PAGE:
About 250,000 people aged 70 or above who are entitled to some level of state pension are missing out as they are not aware of the rules and claims procedures, LCP has warned.
According to latest population estimates there are 8.78m people in Great Britain aged seventy or over, but only 8.53m of these receive a state pension – a difference of a quarter of a million people.
Steve Webb, partner at LCP, said these figures were “shocking” adding that as there is a special state pension payable to those over 80, which does not depend on National Insurance Contributions, it was hard to understand why 100,000 people over the age of 80 were still on zero pensions.
He said: “The government needs to do much more to identify those who are on zero state pensions and to make sure that they draw the pension to which they are entitled.”
A DWP spokesperson said: “We want everyone to claim the benefits to which they may be entitled and we urge anyone of State Pension age – or their family and friends – to check if they are missing out on financial support.
“Anyone that thinks they may be eligible to receive a State Pension can find out how to apply via Gov.uk.”
LCP’s report, published today (May 12), claims there are several legitimate reasons why not everyone aged 70 or above would be expected to be getting a state pension.
This includes long-term deferral, National Insurance gaps or other benefits cancelling out or reducing their pension entitlement.
But LCP said this only explained a fraction of the missing pensioners.
It said there was no evidence that the number of ‘missing’ pensioners declined with age, suggesting that people deferring into their early 70s but claiming in their late 70s were not having much effect on the figures.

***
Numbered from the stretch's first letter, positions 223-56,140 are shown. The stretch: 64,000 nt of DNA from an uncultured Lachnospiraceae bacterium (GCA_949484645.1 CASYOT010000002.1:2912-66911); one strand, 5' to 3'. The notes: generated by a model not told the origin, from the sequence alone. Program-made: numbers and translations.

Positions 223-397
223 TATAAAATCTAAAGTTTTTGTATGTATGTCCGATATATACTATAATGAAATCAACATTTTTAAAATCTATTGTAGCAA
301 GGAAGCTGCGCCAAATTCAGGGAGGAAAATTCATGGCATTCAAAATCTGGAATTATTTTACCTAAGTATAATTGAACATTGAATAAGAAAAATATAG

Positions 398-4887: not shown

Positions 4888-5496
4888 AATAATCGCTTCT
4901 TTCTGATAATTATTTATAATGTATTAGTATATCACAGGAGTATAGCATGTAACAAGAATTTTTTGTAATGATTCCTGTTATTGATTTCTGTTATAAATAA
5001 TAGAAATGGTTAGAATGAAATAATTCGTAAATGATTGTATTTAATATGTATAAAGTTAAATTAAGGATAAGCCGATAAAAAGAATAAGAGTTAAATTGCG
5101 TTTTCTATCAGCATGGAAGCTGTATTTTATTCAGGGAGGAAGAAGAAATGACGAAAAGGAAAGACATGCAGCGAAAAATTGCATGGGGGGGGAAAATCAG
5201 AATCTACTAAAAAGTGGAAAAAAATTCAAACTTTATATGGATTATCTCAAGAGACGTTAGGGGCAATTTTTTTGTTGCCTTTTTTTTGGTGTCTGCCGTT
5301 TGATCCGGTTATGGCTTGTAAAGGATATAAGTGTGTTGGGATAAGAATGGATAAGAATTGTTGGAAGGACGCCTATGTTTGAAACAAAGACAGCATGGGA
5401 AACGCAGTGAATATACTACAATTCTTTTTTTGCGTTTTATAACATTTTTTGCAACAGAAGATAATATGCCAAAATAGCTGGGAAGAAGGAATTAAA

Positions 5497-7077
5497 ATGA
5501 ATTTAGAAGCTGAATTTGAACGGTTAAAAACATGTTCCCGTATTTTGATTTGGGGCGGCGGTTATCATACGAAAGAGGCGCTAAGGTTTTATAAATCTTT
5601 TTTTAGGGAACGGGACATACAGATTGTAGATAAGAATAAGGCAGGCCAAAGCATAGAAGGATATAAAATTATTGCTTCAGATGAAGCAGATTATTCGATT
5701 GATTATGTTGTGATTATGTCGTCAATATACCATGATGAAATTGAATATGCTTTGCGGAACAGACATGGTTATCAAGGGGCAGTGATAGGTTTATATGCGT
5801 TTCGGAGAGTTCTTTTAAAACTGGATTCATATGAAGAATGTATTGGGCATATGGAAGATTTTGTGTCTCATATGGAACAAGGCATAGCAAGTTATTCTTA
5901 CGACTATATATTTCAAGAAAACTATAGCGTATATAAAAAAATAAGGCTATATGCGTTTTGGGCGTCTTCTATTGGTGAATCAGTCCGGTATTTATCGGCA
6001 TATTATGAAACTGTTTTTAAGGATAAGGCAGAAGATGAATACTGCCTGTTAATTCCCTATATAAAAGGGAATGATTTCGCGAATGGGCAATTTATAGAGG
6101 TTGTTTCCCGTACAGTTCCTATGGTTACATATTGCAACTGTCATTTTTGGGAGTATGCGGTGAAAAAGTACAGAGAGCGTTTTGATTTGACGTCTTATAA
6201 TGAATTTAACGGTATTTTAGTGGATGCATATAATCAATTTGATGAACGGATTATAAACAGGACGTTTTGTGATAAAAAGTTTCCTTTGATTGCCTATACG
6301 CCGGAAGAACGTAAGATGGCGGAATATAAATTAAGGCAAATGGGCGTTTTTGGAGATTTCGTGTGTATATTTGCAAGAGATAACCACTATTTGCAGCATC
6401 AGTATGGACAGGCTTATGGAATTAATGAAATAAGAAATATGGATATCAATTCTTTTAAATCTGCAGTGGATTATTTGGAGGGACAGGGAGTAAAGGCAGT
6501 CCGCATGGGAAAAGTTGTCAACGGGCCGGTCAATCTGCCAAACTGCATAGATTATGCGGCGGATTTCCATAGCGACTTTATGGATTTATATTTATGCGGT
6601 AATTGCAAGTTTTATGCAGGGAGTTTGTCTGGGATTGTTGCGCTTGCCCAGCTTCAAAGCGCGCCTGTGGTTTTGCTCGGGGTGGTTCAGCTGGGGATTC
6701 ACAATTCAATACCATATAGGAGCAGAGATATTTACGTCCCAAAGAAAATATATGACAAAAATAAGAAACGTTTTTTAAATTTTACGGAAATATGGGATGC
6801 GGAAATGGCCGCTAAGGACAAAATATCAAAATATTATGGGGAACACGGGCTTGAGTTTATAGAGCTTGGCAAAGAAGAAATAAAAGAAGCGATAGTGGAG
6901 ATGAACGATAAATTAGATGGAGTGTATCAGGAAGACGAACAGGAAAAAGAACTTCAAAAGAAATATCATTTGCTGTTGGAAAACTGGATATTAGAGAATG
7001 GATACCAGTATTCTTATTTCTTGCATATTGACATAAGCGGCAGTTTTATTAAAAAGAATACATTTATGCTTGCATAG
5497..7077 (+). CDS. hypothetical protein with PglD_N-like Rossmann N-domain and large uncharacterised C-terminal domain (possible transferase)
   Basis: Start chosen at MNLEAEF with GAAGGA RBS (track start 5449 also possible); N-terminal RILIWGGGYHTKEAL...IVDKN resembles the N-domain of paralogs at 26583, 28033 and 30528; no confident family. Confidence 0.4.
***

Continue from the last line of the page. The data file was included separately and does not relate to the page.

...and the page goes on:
Plus even those with a very poor NI record can still access a state pension two ways - either through the married women pensions route, where they can claim 60 per cent basic pension based on their husband’s contributions, or the over 80s category D entitlement - where the amount received does not depend on a NI record.
The rate of the Category D pension is currently £82.45 per week or £4,000 per year.
To qualify, people need to be 80 or over; been resident in England, Scotland or Wales for at least ten out of the last 20 years; and been an ‘ordinary resident' of the UK, Channel Islands, Isle of Man or Gibraltar.
LCP found there were about 107,000 people (65,000 women and 42,000 men) in Great Britain who were aged 80 or over but had zero state pension.
LCP believes that a large proportion of this group could make a successful claim for a Category D state pension if they were made aware of it.
If 100,000 people aged 80 or over claimed their £82.45 per week, this would cost over £400m per year in extra state pension payments.
LCP said reasons why this age group may not be claiming included lack of awareness, language barriers, practical barriers - such as needing to obtain a national insurance number; and mental capacity.